Freedomland [DVD]
Freedomland [DVD]
Dvd ~ Samuel L. Jackson
Offered by best_value_entertainment
Price: £1.07

2 of 5 people found the following review helpful
1.0 out of 5 stars It's terrible, 8 Sept. 2007
This review is from: Freedomland [DVD] (DVD)
Lame acting, lame script, contrived story-line. I can't believe Samuel L. agreed to act in this tripe. Juliane Moore's acting was particularly poor. During some of the "emotional" and "revealing" scenes, I found myself laughing rather than empathising. It was that bad.

The film did not rise above mediocre at any point in time, even when the crucial revelation was made. The lowest point? Probably the "race riots". What an utter farce. Are we to believe that a detective would have the authority to impose, let alone sustain a "lockdown" over several days on the basis of the evidence presented in the story? I doubt it would have happened in 60s Mississippi, let alone New York in 2006!

I'm not normally moved to review films. I avoid the ones most people slate and when i've viewed one that most people rate highly and I enjoy it too, I can't be bothered to repeat what everyone else says. However, I viewed this banal nonsense on the strength of a 31/2 star average review. Hopefully I've redressed the balance a bit and with so many good films to watch out there, I might have saved someone a similar waste of time.

The Shelters of Stone (Earth's Children)
The Shelters of Stone (Earth's Children)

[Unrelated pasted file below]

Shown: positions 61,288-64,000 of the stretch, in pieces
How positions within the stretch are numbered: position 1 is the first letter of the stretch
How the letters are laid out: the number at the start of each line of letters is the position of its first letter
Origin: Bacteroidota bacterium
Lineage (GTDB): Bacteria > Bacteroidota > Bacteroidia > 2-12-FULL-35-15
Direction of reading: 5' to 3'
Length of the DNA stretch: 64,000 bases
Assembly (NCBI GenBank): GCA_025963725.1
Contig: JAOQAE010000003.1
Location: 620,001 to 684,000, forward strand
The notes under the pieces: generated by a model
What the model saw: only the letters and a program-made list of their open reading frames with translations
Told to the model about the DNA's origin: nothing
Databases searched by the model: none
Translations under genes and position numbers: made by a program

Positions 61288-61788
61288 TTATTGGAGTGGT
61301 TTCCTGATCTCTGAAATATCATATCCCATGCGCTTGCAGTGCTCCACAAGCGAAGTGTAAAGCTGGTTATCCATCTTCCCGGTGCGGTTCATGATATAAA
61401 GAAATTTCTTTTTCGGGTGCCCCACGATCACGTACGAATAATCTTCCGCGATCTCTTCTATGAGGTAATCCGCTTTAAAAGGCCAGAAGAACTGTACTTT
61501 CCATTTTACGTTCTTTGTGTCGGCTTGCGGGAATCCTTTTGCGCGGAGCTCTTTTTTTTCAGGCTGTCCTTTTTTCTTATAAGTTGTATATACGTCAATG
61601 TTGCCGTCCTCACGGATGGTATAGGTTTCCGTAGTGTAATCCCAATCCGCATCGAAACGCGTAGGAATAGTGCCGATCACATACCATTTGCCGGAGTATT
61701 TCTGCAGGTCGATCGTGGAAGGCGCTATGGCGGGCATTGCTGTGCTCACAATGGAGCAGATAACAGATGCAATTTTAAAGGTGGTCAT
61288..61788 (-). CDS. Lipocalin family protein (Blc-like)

by Jean M. Auel
Edition: Hardcover

13 of 16 people found the following review helpful
1.0 out of 5 stars One of the most banal books I have ever read., 20 May 2002
Anyone who gives this book more than one star is too kind. If you've given it 4 or even 5 you must be wearing an incredible pair of rose tinted reading glasses.
How on earth can 750 pages contain so little. I have never been so unchallenged by a book since I stopped reading Enid Blyton. Someone once, in all seriousness, condensed a Jeffrey Archer novel into about 4 pages. You could condense this into about 4 lines.
An example of the real underlying banality in this book is the journey to the Summer Camp. Page after page describing which path they took, whether to climb or go round the hill. Yet, despite my turning the page with baited breath, NOTHING HAPPENED.
In addition, Ms Auel has moved from apparent authenticity in her (generally excellent) earlier books, to a world where prehistoric people are aware of pollution and even wash their hands before meals.
The only piece of useful information I gleaned from the whole book was that Ayla spits, not swallows! Well I shan't be swallowing any more either.